18 April 2024

Doctor advises families how best to prepare for autism, ADHD assessments

| Claire Sams
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Dr Karen Oakley

Dr Karen Oakley says preparing for autism and ADHD assessments doesn’t need to feel insurmountable. Photo: Thomas Lucraft.

Clinical neuropsychologist Dr Karen Oakley has a lot of experience talking parents and families through autism and ADHD assessments.

“Having a child go for an assessment can be a stressful experience for families,” said the senior lecturer at the University of Canberra.

“Having an idea about the process and what questions will be asked can help parents be more prepared.”

Dr Oakley – a supervisor at the university’s Health Psychology Clinic – starts by assessing the background.

“I’m going to want to know the history of the child or the person being assessed – and that history is quite detailed,” she said.

“That can be quite challenging, because we do get into the nitty gritty of pregnancy, and developmental and communication milestones.”

Dr Oakley said the assessment process could cover topics including when a person first started to talk, how they soothed themselves and how a child engaged with peers.

“That helps us understand if this is a typical pattern for someone who might have a developmental delay or a diagnosis like autism, or if there is something else we need to look at,” she said.

“There’s an understanding in the community of how autism works or how ADHD looks, but sometimes that is the same as how anxiety might present, or it might overlap with a medical condition.”

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This can catch parents or other caregivers off guard due to the time that has passed or because they are not consciously noting those behaviours.

“What I ask in the clinical setting are the things that we don’t necessarily observe every day or pay attention to,” Dr Oakley said.

“Parents sometimes say they weren’t consciously noting these things, so it can be quite a big shock that they’re being asked about them.”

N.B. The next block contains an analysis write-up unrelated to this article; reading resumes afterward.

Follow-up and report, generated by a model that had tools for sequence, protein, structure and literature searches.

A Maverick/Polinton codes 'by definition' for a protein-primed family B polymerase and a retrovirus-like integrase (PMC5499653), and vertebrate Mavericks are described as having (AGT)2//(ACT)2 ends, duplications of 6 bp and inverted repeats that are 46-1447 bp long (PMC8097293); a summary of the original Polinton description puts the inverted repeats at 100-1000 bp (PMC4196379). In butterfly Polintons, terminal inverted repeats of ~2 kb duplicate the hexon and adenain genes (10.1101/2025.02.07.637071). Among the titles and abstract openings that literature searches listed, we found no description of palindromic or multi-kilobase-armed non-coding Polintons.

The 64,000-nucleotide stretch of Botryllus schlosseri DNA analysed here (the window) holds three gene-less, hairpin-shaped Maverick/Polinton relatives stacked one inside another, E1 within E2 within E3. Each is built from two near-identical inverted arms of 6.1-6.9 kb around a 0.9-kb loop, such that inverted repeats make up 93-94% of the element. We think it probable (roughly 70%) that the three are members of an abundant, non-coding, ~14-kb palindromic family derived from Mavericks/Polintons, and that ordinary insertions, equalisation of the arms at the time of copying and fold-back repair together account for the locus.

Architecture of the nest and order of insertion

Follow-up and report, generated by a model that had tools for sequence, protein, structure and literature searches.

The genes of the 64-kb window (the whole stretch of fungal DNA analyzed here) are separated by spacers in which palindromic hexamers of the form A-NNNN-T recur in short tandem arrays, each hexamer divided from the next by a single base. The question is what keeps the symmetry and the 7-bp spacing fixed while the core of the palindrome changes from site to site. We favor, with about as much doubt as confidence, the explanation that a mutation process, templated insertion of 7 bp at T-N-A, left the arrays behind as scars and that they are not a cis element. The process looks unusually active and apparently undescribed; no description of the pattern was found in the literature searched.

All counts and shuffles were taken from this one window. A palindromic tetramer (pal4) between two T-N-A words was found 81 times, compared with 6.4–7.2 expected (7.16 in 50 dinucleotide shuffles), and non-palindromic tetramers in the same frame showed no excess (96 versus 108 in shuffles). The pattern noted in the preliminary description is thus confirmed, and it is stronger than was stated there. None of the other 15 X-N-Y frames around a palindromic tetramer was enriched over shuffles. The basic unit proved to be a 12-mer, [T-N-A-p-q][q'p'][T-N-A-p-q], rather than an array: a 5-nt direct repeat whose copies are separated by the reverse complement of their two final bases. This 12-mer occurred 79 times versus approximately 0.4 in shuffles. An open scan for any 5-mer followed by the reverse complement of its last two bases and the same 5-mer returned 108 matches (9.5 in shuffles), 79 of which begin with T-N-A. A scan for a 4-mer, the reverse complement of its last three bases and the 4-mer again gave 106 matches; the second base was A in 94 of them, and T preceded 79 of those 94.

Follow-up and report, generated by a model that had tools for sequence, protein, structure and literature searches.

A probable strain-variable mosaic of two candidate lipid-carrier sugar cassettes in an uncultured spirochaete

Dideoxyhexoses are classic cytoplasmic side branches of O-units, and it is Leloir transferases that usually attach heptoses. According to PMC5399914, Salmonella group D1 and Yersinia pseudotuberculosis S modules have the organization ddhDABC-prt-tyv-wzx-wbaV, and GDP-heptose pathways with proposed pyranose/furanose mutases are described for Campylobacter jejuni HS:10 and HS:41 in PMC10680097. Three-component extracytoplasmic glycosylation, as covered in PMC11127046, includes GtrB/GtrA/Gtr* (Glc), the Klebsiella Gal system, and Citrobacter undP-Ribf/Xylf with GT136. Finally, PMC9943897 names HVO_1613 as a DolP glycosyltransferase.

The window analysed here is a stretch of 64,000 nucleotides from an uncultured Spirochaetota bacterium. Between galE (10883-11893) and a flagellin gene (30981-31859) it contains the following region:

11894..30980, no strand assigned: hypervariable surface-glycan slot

Those living in a rural or remote area can face extra challenges when accessing specialised care.

Families may need to travel, meaning additional costs for accommodation and related expenses – and waitlists for an assessment can be as long as two years.

Dr Oakley said a lack of specialists and resources were behind the wait times. Regional and remote families also faced a lack of support networks.

“Even in metropolitan areas where there are more resources, there are access issues in terms of waitlists,” she said.

“But in rural and remote locations, we’ve got access issues like whether anyone can provide the assessment.

“There may not be the opportunity for the assessing clinician to go and observe the child in different settings, like school.

“Some clinicians will offer telehealth services, but for a lot of children with these neurodevelopmental disorders, telehealth can be quite challenging for the child to engage with.”

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Regardless of where they lived, Dr Oakley said a parent or individual could prepare at home to help the assessment.

“Going through baby books can be really useful because that’s where parents note down developmental milestones. Medical reports or school reports can also help,” she said.

“Families can also prepare by having basic checks done – such as vision, hearing and general health checks – to rule out anything else.”

Dr Oakley said parents could also gather information from outside the family.

“A parent can ask other people to describe some really clear examples of the child’s functioning and behaviours as well.

“Other carers, a teacher or day care and preschool staff can provide some of that information.”

She also recommended reaching out for support – to help the child and entire family.

“It’s stressful to go through the assessment process [and] for rural and remote families who may be isolated geographically.

“Access to support networks or other family and friends can be more limited, but they are really important.”

Original Article published by Claire Sams on Riotact.

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